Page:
5 Ways to Help Your Loved One Who Have Bipolar disorder

1. Educate yourself.

 The reams of paper that I printed out and asked him to read. The psychiatric evaluations he witnessed. The group therapy and family sessions he attended. And the conversations with other spouses of persons with bipolar disorder.Education is always the starting point. Because until a spouse or daughter or friend of a manic-depressive understands the illness, it is impossible to say and do the right thing.

2. Learn how to talk to your loved one.

Eric doesn’t say much when I’m clutching tissue paper, crying my eyes out. And he’s hesitant to speak when I’m manic (not that I would let him get in a word). When I don’t want to get out of bed in the morning, he reminds me why I need to. And when I’m revved up, he’s the voice of reason telling me why a spontaneous trip to New York isn’t smart.

3. Make some rules.

You know all the fire drills in primary school you prayed would happen during the math pop quiz? All those times the school administrators rehearsed what, exactly, would happen in the case of an emergency? Families of bipolar persons need them as well: a plan of action for those times when the bipolar person is sick.In order to design such a strategy, the manic depressive and her loved one must compile a list of symptoms — like the smoke and burning smell of that make-believe fire in the third grade–and what action should follow them, like “call the doctor.”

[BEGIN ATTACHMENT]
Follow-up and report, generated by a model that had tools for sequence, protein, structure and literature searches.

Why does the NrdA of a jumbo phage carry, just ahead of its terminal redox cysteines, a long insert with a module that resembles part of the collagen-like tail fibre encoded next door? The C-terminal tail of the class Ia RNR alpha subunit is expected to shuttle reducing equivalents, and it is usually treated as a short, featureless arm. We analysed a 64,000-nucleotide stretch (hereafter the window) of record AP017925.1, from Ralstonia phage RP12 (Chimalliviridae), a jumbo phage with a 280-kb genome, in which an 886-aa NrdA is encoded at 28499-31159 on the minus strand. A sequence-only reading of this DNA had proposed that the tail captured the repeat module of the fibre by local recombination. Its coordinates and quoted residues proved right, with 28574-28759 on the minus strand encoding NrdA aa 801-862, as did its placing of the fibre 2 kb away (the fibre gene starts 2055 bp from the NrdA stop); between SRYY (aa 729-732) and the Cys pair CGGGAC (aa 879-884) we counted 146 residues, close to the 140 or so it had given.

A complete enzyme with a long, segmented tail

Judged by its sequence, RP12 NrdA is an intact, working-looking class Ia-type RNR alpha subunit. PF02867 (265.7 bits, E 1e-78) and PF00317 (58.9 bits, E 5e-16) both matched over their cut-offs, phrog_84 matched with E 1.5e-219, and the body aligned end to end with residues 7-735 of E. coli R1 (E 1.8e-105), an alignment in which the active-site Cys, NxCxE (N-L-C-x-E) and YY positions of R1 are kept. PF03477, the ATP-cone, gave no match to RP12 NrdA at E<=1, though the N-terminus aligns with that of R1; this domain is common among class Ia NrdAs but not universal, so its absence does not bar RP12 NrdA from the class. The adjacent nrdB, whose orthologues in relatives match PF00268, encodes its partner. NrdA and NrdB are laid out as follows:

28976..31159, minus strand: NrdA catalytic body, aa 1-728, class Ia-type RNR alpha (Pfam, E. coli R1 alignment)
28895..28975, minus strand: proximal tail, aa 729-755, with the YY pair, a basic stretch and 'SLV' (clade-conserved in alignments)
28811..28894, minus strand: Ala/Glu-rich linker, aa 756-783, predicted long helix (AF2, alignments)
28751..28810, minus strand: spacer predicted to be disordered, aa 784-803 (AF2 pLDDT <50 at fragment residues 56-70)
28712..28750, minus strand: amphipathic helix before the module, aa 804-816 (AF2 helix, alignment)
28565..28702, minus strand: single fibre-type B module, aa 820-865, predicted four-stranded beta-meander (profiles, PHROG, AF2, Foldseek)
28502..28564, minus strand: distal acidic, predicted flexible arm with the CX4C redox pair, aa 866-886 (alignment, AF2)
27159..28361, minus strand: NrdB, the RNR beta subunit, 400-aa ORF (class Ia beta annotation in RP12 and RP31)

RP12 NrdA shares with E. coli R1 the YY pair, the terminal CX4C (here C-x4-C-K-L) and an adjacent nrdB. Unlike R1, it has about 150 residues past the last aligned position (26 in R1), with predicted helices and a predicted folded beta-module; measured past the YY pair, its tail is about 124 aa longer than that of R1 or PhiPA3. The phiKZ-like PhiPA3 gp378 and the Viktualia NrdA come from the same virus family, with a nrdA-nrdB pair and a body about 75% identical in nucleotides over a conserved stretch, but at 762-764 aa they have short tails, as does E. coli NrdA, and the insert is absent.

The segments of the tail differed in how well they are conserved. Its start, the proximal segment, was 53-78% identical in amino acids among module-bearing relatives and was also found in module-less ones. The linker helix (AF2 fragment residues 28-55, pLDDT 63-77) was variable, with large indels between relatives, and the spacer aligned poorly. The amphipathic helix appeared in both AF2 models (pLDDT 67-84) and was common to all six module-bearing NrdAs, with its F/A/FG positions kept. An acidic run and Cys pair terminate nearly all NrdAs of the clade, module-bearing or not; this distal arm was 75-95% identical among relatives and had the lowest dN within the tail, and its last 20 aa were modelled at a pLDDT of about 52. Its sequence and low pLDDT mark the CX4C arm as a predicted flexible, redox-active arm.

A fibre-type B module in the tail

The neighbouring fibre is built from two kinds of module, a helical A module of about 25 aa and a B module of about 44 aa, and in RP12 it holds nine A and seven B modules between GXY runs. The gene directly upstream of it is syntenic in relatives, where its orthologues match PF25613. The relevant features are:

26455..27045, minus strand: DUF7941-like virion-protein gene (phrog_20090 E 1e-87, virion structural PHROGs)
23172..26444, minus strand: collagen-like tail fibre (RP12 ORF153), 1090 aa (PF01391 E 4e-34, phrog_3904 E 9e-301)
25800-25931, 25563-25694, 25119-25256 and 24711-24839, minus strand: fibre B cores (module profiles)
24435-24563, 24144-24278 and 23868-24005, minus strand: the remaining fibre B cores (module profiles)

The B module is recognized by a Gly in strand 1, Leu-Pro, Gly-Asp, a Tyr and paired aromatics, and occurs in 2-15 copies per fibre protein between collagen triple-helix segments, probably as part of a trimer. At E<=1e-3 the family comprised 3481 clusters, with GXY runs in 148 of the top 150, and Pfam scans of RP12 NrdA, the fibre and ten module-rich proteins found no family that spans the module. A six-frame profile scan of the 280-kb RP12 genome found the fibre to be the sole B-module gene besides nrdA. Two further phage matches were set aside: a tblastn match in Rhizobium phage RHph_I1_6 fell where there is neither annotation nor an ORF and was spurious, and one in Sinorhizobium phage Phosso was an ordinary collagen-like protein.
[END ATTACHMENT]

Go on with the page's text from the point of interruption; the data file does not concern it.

4. Plan for emergencies.

Part of your plan should include a list of people who you can call for help. Of course, it is recommended that the bipolar person be working closely with a psychiatrist, and that he know how to get in touch with the psychiatrist after hours, and in case of emergencies. It’s also a good idea to know which hospital the psychiatrist works with, or if the doctor will work with any hospital in the area.

5-Go gentle.

I can’t count all the times I have tried Eric’s patience with the reckless highs and debilitating lows of my bipolar disorder. When I get fired up and want to sign up for 60 new activities — not to mention losing my car keys, cell phone, and purse — it’s difficult for him not to get annoyed. But because he places my exasperating behavior in the proper context of an illness, and sees them as mere symptoms of a disease — rather than careless and self-absorbed actions — he is better able to go gentle with me.Moreover, a little kindness and gentleness toward your loved one–especially at those times that you feel incapable of affection and care– goes a long way to aid recovery.

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